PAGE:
There are human stories behind the rhetoric. Media reports emerged recently of "people smuggling" charges against an Afghan-Australian from Slacks Creek, Brisbane. He had committed the vile act of trying to help his mother and sisters move from Kuala Lumpur, where they had lived in a camp for five years, to Jakarta, so that they could register with the UNHCR. Six years in an Indonesian jail for an Australian who attempts to reunite with his family: is this a price we as a nation are willing to pay for our "tough stance" and our "clear messages"?
For their part, the people of the Jaya Lestari have been sending messages to us in Australia and Indonesia. Briefly — very briefly — our hearts were touched by the words of a nine-year-old girl, Brindha, whose appeal to us could not have been clearer: "we are your children". Media access to the Jaya Lestari was quickly cut, and the story was dropped from the front pages. But Brindha’s fellow voyagers, including the 30 other children on board, continue to send us messages tossed into the sea in bottles. One message in a bottle reads: "Until now we heard that your country is a humanitarian country and also the refugee can restart their new life with freedom in your country."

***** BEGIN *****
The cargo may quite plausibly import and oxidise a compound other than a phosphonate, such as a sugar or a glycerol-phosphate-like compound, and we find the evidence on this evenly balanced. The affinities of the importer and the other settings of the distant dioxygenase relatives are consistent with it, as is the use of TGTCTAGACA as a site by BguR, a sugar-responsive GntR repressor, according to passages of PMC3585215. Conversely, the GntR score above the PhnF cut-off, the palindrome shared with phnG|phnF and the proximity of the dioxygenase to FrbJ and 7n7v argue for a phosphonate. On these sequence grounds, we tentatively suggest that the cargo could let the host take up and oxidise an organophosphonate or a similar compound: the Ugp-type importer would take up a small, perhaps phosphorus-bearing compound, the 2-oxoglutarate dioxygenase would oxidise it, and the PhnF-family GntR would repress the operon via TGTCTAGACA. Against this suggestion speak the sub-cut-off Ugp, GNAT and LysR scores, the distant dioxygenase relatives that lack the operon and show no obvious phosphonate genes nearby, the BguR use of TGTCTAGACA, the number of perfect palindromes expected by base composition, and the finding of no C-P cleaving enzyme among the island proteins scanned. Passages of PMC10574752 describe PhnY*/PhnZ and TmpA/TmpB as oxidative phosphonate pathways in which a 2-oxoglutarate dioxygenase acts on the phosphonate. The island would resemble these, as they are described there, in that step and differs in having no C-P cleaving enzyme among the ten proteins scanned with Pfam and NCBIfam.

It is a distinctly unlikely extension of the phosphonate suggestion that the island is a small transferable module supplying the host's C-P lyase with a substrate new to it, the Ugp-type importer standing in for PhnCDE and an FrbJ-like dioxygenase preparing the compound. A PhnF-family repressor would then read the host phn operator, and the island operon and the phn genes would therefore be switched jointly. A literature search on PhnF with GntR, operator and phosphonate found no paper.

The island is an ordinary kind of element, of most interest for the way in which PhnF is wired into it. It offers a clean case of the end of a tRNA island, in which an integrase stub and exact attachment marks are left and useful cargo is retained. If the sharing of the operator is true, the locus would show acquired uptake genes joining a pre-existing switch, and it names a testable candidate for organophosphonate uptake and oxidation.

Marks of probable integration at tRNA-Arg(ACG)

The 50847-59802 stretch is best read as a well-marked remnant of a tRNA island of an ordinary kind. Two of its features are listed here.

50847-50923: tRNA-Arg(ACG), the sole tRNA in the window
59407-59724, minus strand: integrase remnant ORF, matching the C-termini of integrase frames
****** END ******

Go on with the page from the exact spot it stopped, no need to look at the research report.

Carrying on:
Many respond that it is this very humanitarian reputation that makes us a soft touch for criminals and would-be terrorists. "Alex," the spokesman for the Jaya Lestari, has done the group a huge disservice by concealing his identity and his criminal record in Canada. Yet the obvious point remains to be made: if the boat had proceeded to Christmas Island instead of being intercepted mid-voyage, identity checks would have soon revealed Alex’s past and allowed authorities to determine whether he was entitled to make a case for asylum despite a criminal record. He wouldn’t be the first felon to seek a new start on these shores.
Indonesia, not a signatory to the Refugee Convention, has been sending its own messages, and later withdrawing them, about the possibility of returning the people of the Jaya Lestari. The Sri Lankan delegate to the UN made an appearance on the ABC to give the bland assurance that there was no internal "push factor" in Sri Lanka, and to attribute the flight of hundreds of people to Australian policies that make this country a "magnet" for economic migrants. His implicit reference to internal debates about Rudd’s policies was a touch undiplomatic; but perhaps it will be overlooked because it chimes so well with the PM’s own comments about "illegal immigrants".